October 13, 2011

Keeping Holidays Happy

Jean Rogalsky, 4-H Youth Development Agent

Holidays are a wonderful happy time, but they can also be very stressful for families, especially children, because of the changes; the increase of social events, less time with parents, changes in schedule, and the tons of sweets and holiday treats. As the holiday season approaches, here are some tips on holiday spending and stress to ensure that you and your family have a happy holiday season.

Holiday Spending
Overspending finds you in debt afterwards. During tough economic times it is more important than ever to stick to a budget. You don't have to spend lots of money to have holiday spirit. Many people overspend because they feel trapped by holiday traditions and expectations. So make it your goal this year to not get trapped. Just because you have always done something one way, does not mean you cannot make changes. Have an honest talk with family members that you need to reduce spending this year. Let your children know what the holidays are really about and that gifts are something extra. Consider the following to cut down on holiday costs:
  • Set a limit on an amount to spend on each other and make sure the amount is something all can afford.
  • Draw names so each person only needs to purchase one gift.
  • Exchange gifts of service. Give someone with kids 4 hours of babysitting. A handyman can offer to make a number of repairs. You may have a skill you could pass on to someone else with lessons.
  • Be creative and make something versus buying something. A gift with your personal touch has more meaning.
  • Let children know that they cannot get everything they want, and help them prioritize their wishes.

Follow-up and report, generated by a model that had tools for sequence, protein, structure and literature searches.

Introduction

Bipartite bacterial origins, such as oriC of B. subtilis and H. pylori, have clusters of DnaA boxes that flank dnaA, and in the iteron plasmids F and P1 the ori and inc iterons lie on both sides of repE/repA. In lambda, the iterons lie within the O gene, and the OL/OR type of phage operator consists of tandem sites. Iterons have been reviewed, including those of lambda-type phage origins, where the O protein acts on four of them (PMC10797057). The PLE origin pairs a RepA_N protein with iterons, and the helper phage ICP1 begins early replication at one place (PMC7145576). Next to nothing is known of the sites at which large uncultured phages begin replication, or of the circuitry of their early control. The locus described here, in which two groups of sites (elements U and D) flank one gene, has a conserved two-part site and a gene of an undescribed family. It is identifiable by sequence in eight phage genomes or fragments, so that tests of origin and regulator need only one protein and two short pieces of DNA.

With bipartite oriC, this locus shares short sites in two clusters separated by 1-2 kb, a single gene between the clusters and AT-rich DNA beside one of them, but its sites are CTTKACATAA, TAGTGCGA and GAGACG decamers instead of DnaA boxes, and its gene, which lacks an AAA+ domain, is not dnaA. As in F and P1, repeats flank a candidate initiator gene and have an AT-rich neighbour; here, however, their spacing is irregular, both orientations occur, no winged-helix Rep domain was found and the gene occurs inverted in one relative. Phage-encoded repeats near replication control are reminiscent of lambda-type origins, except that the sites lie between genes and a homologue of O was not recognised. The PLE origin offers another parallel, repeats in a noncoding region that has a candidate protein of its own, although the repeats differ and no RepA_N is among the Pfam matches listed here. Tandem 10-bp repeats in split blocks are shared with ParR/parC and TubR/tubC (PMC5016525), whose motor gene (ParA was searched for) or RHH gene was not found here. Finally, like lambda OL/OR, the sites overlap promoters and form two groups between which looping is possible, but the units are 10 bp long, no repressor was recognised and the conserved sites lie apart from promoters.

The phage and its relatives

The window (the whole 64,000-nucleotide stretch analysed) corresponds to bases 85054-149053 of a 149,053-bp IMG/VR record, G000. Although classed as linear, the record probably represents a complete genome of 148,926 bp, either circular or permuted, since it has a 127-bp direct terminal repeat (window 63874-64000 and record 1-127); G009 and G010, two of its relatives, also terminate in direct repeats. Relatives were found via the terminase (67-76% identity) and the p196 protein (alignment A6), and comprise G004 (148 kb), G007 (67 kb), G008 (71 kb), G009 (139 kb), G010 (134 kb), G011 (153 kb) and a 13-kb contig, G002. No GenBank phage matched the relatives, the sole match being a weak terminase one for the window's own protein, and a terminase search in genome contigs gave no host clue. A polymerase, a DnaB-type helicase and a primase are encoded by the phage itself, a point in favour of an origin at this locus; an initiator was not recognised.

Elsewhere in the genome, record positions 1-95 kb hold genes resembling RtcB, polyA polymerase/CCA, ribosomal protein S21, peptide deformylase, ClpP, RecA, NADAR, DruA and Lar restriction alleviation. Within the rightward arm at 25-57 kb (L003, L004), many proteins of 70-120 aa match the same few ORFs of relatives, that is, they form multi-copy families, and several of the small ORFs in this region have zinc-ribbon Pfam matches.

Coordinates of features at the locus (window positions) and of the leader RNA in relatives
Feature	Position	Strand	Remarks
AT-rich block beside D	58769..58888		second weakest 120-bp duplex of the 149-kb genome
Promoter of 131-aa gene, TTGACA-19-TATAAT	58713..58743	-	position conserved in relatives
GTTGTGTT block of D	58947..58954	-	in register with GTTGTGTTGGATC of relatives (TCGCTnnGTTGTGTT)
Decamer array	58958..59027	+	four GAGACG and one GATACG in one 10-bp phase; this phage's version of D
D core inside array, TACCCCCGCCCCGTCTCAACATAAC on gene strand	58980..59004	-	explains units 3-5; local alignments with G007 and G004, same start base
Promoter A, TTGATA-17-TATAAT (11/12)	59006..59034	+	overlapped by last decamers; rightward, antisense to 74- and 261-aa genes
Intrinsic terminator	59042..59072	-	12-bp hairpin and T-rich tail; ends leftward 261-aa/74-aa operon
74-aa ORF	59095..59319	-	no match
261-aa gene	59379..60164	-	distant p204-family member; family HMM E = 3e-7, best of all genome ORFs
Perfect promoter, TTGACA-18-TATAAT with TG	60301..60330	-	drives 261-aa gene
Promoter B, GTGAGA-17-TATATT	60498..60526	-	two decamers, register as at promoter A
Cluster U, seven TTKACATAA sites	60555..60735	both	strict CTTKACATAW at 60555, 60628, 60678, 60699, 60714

• Have potluck holiday parties. Don’t take on all the time and the expense.
Holiday Stress
Prepare yourself and your children for the emotions and stress that come before, during, and after the holiday. We get so busy with all that needs to be done and sometimes forget that our stress causes children’s stress.
  • Limit the number of social gatherings and events. While we hate to disappoint anyone, remember that too much change in a child’s schedule can cause behavioral issues.
  • Have the whole family get involved in preparing for the holidays. Make a list together and delegate tasks. Kids feel a part of the holiday when involved, and it lessens the stress on the parents.
  • Make decorations as a family. A child’s handiwork on display is a great source of pride.
  • Volunteer as a family to help another family in need or visit. Helping others in need puts the holidays in perspective.
  • Traditions are important to kids because it emphasizes the family. Everyone looks forward to traditions because it gives them a sense of security. It is never too late to start a new tradition in your home.
Here is a bit of research to keep in mind as you plan for the holidays. When elementary and middle school students were surveyed about their best holiday memory, the vast majority of the responses had to do with family time rather than gifts.

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